Tuesday, June 19, 2007

More Hull Preparations for Sheathing

Although I turned the hull over for the first time last week, I forgot that I had to go back and make and install the reinforcing doubler plates that go on the inside of the upper topsides in the places where the crossbeams land and the shrouds attach. Since I'm laminating parts like this with temporary screws, it wouldn't do to glass the outside of the hull first, so this weekend I turned it back upright and installed these panels. Thanks to the fact that the hull is now suspended in rope slings, turning it to any angle in a 360 degree circle is easy to do singlehanded. I can't imagine building this boat without suspending it this way, but I had never seen this idea mentioned in boatbuilding books or articles until I saw it on Thomas Nielsen's Tiki 26 blog. Although the old jib sheets I'm using for slings are plenty strong, flat webbing is better so I ordered some 1" heavy duty straps with cam buckles from NRS and they just arrived yesterday, so when I get back to the shed later in the week I will swap out the slings.

I've spent much of the past week making lists of the supplies and materials I will need to finish this project, and shopping online for sources, organizing the time frames for when I'll need certain items, and spending some of the money I got from the sale of the Tiki 21. Keeping everything organized and staying stocked with materials and consumables on a project this size is a project in itself. I'm also researching options like making my own sails from Sailrite kits and looking at gear that will be needed later in the outfitting of the finished boat.

These are the shroud doubler plates that reinforce the hull panel where the shrouds attach to cleats on the outside of the sheer stringer. One minor departure from the plans here that I will take is to through bolt stainless steel chainplates to the topsides here rather than loop the shroud lanyards under a wooden cleat. I used this method on my Tiki 21 and it is also standard in the plans for the Tiki 30. The shrouds remain the same, but the lanyards pass through a shackle attached to the upper end of the chainplate, rather than under the cleat. This is a more secure system when raising and lowering the mast, since the lanyards can slip off the wooden cleat.

These doubler plates are in the mast crossbeam location. The middle one is the butt block used to join the topside panels together. The other two were added when I realized that the plans show a 12-inch block here to reinforce the hull in this area. It could have been made as one block, but once this is all faired and coated you won't be able to tell that it is actually three.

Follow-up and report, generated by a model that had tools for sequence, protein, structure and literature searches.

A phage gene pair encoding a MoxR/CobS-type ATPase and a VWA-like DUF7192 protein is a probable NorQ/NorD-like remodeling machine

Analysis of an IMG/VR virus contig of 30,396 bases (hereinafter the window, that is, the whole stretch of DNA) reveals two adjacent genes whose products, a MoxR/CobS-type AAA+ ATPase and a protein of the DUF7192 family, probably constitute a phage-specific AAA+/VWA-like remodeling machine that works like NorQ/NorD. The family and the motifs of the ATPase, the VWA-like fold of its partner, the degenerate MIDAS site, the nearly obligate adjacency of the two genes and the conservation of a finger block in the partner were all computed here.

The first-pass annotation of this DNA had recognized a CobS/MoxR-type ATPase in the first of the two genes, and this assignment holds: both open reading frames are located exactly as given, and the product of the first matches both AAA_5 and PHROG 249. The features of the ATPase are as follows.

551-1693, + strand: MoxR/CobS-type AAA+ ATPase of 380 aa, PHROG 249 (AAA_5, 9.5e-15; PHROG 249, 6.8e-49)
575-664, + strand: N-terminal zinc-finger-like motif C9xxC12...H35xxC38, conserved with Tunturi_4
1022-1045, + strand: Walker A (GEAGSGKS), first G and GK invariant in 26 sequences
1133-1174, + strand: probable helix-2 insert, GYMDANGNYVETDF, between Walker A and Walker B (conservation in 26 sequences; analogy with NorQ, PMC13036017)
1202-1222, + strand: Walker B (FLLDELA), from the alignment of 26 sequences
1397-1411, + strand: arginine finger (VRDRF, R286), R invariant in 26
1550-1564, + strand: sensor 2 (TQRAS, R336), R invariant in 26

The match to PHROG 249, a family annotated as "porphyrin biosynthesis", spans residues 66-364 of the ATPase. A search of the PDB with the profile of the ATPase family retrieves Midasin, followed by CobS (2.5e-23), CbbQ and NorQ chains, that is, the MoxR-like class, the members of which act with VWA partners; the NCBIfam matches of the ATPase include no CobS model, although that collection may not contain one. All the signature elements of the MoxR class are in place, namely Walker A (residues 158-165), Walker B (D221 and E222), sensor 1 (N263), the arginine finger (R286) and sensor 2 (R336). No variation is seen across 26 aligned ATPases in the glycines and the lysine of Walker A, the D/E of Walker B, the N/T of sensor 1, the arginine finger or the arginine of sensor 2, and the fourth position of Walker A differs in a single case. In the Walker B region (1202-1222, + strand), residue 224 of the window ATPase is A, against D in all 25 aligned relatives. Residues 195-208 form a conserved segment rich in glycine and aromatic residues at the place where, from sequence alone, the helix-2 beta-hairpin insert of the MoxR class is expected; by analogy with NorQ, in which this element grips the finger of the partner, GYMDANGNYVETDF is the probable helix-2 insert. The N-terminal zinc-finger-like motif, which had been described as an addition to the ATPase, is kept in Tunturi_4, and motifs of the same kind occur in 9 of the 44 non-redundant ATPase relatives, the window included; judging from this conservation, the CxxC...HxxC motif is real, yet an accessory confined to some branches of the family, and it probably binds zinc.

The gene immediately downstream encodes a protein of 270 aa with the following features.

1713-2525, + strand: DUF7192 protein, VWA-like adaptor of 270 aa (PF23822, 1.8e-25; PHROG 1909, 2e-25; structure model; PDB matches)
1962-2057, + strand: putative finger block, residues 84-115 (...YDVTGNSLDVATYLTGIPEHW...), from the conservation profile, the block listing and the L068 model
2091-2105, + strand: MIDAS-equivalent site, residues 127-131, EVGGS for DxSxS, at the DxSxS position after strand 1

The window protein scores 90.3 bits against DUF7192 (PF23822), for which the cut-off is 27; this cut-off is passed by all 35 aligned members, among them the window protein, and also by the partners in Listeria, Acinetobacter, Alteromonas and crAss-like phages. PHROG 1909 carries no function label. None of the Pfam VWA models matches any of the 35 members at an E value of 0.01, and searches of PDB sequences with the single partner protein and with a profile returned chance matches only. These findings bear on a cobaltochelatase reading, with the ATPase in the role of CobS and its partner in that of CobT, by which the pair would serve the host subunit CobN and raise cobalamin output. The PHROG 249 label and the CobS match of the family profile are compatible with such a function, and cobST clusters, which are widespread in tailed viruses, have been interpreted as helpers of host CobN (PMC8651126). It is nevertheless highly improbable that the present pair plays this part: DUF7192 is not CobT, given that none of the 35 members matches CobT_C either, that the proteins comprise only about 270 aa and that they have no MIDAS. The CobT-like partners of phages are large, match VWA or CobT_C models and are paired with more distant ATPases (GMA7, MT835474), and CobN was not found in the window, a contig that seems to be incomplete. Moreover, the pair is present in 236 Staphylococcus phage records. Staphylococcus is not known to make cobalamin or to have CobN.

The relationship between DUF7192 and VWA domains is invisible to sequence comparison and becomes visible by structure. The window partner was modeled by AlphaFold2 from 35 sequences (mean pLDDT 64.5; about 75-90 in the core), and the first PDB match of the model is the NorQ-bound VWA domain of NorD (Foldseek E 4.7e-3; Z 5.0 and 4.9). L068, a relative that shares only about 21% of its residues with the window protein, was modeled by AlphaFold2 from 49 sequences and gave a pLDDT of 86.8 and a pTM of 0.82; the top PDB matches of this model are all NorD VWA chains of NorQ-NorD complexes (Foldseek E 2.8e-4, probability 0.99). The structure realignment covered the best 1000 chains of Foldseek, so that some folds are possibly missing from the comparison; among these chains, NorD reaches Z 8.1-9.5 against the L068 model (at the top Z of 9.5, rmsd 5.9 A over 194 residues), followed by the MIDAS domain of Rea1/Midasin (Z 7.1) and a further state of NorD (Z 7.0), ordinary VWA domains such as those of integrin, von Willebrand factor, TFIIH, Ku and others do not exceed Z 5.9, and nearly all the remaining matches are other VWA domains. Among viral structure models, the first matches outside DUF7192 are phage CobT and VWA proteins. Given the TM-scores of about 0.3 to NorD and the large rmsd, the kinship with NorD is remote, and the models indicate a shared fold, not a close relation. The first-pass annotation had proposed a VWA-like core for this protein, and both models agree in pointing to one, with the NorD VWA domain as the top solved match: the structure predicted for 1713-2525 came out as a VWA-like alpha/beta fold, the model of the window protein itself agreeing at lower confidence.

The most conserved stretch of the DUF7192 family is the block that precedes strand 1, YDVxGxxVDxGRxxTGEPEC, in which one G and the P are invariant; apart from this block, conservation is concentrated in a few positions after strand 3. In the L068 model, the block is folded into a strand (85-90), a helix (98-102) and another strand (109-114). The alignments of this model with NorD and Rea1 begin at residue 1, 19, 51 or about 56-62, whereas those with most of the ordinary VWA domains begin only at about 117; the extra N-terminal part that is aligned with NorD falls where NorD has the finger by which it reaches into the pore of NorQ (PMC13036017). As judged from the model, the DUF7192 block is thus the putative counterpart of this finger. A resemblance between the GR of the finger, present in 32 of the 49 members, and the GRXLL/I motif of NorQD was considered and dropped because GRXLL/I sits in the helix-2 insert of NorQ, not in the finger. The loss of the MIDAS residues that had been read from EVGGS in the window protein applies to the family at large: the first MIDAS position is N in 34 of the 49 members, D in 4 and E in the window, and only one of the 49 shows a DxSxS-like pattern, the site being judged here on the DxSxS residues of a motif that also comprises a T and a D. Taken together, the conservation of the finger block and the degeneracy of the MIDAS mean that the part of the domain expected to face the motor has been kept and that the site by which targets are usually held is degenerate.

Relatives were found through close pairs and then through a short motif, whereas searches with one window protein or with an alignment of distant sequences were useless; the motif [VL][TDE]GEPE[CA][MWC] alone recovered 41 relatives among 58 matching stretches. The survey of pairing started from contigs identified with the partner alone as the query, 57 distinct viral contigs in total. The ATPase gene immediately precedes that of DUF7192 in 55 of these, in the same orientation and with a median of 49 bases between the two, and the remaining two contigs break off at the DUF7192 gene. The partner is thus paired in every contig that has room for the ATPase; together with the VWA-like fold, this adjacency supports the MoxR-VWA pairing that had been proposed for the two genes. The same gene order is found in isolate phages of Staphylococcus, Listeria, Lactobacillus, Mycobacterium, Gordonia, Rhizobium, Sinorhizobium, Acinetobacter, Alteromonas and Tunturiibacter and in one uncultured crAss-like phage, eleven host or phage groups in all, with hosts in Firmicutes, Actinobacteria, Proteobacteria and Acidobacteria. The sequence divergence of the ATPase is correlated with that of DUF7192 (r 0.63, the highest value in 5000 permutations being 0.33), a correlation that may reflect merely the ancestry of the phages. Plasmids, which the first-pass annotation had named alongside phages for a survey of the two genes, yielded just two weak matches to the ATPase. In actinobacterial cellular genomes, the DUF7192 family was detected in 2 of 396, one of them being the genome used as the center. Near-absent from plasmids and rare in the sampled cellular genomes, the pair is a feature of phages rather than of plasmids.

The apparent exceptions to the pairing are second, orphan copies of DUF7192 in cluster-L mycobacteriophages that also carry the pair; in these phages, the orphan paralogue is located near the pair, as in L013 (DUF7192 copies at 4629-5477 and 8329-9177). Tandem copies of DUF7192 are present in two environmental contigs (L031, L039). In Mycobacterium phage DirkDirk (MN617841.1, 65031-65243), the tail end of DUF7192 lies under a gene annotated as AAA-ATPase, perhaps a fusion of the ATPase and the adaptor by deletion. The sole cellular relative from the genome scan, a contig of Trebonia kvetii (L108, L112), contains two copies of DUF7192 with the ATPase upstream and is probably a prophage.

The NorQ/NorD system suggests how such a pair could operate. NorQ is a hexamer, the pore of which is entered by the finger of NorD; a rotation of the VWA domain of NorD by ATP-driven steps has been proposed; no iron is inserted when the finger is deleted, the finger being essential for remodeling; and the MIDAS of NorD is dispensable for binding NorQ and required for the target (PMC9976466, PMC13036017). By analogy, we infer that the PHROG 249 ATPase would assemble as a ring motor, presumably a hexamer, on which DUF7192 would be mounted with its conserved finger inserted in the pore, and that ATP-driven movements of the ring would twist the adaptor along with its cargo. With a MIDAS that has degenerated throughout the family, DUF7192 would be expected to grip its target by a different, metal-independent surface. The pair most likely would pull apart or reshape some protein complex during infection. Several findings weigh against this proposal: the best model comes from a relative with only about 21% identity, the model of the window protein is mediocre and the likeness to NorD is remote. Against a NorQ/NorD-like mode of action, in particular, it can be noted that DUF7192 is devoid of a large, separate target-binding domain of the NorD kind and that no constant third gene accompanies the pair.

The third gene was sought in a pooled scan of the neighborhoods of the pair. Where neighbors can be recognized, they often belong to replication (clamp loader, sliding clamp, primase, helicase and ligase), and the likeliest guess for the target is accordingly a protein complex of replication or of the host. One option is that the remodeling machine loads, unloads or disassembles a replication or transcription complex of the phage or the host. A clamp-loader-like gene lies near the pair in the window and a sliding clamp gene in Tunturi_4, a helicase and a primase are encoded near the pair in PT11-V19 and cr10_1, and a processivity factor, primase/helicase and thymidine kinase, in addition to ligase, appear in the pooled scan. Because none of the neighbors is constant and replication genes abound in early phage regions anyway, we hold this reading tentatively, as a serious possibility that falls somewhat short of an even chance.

Here the hull is rotated to one side to make it easier to fill the many screw holes made in the assembly and the installation of things like the diagonal stiffeners. These holes must first be filled with unthickened epoxy, then faired with a thicker, filleting mix. It's a fairly slow process, but at least it's started.

Two things I needed to prep the outside of the hull for fiberglass sheathing: a set of sturdy, low sawhorses so I can reach the bottom of the keel when it's upside down, and a larger random orbital sander than the 5-inch one that is so handy inside the hulls. I built these horses out of 2x6s and made them only 14" high, which is just right for upside down work since I don't yet have my cabin bulkheads attached. The sander is a Rigid 6-inch unit from Home Depot. I was looking for a Porter Cable but found this one and thought I would give it a try since it is variable speed and has good reviews. I'll report back on it soon after I start fairing the hull.

I also ordered plenty of sand paper: 600 discs in 5 and 6-inch sizes, and in 60, 80 and 120 grit. Klingspor http://www.klingspor.com/ is a one stop shopping place for all kinds of sandpaper and other abrasive products.

1 comment:

tsunamichaser said...

Scott one thing you might try when it comes time to glass the hulls is to is to lay the hull on its side. roll out the glass over the whole area and then hang spring clamps from the cloth all around. This keeps the cloth smooth and in place. With the hull on its side you can just pour on the resin and then start squeegeeing it out.